Home » Development » How to completely disable Autofac components

How to completely disable Autofac components

This week I started working with the Autofac Inversion of Control container at the Day Job. The first project I tried to introduce Autofac to needed a plugin system. I figured this was a perfect use of Autofac’s implicit relationship handlers. Sure enough, a


did the trick – I got a nice list of plugin instances for the application to use.

This isn’t enough, though. We need to disable certain components via configuration. One option would be to remove the components from the configuration file, but I wanted to make it easy to restore the plugins (and their original configuration) should the need arise. After poring over the Autofac documentation, it seemed like adding an “Enabled” flag in the components’ metadata would be the best way to handle toggling them between on and off.

Setting up the config file was straightforward,

<autofac defaultAssembly="DisableComponents">
    <component type="DisableComponents.Plugin1" service="DisableComponents.IPlugin">
        <item name="Enabled" value="false" type="System.Boolean" />
    <component type="DisableComponents.Plugin2" service="DisableComponents.IPlugin">
        <item name="Enabled" value="true" type="System.Boolean" />

as was filtering the components list.

var enabledComponents = container.Resolve<IEnumerable<Meta<IPlugin>>>()


private static bool ComponentIsEnabled<T>(Meta<T> component)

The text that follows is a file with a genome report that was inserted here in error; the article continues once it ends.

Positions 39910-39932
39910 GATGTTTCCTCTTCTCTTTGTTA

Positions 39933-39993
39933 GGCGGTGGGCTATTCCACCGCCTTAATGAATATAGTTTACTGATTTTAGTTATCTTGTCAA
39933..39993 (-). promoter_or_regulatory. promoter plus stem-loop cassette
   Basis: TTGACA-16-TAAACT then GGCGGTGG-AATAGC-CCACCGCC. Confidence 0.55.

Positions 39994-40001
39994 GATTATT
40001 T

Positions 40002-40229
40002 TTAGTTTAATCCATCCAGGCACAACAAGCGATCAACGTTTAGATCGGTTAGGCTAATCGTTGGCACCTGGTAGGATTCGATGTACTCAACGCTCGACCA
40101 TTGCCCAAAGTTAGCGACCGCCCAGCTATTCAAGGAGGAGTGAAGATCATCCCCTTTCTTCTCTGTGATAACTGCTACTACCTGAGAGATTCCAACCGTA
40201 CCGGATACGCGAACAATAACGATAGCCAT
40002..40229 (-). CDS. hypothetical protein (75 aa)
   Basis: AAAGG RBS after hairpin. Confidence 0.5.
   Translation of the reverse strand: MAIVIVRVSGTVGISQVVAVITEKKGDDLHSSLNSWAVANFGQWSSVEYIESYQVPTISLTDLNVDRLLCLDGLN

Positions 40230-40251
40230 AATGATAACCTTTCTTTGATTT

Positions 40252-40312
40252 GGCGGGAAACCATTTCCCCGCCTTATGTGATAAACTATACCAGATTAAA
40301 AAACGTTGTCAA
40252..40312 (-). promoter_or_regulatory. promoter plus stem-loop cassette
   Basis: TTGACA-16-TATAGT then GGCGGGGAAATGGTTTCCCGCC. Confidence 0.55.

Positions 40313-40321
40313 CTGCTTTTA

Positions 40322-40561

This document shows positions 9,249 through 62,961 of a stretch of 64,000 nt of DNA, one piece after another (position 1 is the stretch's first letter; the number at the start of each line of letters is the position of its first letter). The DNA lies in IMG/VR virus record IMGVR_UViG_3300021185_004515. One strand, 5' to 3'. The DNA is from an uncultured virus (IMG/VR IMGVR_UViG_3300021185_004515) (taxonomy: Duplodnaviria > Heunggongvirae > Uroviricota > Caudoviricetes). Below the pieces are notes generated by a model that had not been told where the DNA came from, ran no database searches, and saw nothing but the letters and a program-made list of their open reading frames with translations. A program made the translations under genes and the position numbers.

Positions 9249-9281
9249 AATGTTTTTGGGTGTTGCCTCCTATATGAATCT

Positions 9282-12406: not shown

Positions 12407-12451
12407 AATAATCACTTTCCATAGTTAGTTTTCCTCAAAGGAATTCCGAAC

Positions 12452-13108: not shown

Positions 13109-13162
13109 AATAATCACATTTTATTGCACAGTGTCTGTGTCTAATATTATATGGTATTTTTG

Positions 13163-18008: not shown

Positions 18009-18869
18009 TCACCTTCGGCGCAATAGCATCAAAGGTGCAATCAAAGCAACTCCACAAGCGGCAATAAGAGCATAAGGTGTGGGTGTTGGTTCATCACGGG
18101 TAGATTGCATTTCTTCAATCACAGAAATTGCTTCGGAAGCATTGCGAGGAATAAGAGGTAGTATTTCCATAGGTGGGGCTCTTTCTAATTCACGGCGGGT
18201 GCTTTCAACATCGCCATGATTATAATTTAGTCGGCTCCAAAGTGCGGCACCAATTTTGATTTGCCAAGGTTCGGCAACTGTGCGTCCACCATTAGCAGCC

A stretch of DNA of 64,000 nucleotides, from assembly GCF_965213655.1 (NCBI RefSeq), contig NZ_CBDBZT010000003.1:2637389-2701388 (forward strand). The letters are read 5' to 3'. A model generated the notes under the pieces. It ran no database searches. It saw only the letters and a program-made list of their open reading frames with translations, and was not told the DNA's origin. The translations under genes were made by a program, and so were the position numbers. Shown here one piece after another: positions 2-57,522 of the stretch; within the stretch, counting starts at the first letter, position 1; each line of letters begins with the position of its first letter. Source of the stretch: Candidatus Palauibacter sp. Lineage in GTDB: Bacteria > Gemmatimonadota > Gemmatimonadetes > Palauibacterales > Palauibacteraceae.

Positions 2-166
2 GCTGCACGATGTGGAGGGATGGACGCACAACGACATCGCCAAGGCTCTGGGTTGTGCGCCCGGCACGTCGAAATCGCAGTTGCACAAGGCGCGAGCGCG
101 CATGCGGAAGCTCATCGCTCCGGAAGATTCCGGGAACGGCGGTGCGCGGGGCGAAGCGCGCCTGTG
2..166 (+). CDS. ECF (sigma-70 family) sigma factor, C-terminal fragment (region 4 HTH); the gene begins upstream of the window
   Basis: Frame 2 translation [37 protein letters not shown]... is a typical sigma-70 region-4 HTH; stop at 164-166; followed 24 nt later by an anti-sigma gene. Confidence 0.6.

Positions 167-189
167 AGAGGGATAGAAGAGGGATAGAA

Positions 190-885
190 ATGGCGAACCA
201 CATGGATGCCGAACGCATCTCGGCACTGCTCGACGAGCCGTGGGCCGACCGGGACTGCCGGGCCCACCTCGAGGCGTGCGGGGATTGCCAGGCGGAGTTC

const string enabled = "Enabled";
    return !component.Metadata.ContainsKey(enabled) || (bool)component.Metadata[enabled];

They’re still created, though

This approach worked, but all all components are instantiated, including the disabled ones which are made just so we can throw them away. This seems a little wasteful. Worse, a particular installation may have a plugin disabled because it can’t (or doesn’t want to) support its creation. So I sought a way to prevent the instantiation of the unwanted plugins.

I tried to find a way to remove or disallow registration based on the metadata, or to intercept component creation, but came up short. The best I could come up with was a modification to the approach above:

var enabledComponents = container.Resolve<IEnumerable<Meta<Func<IPlugin>>>>()

(I would have preferred to use a Lazy over a Func, but I’m working with .Net 35.)

This works—the plugins are only created when they’re enabled—but it feels inelegant.
I can’t help but think that my Autofac knowledge is too shallow to have discovered the “right” way to do this. Hopefully deeper understanding will come in time…


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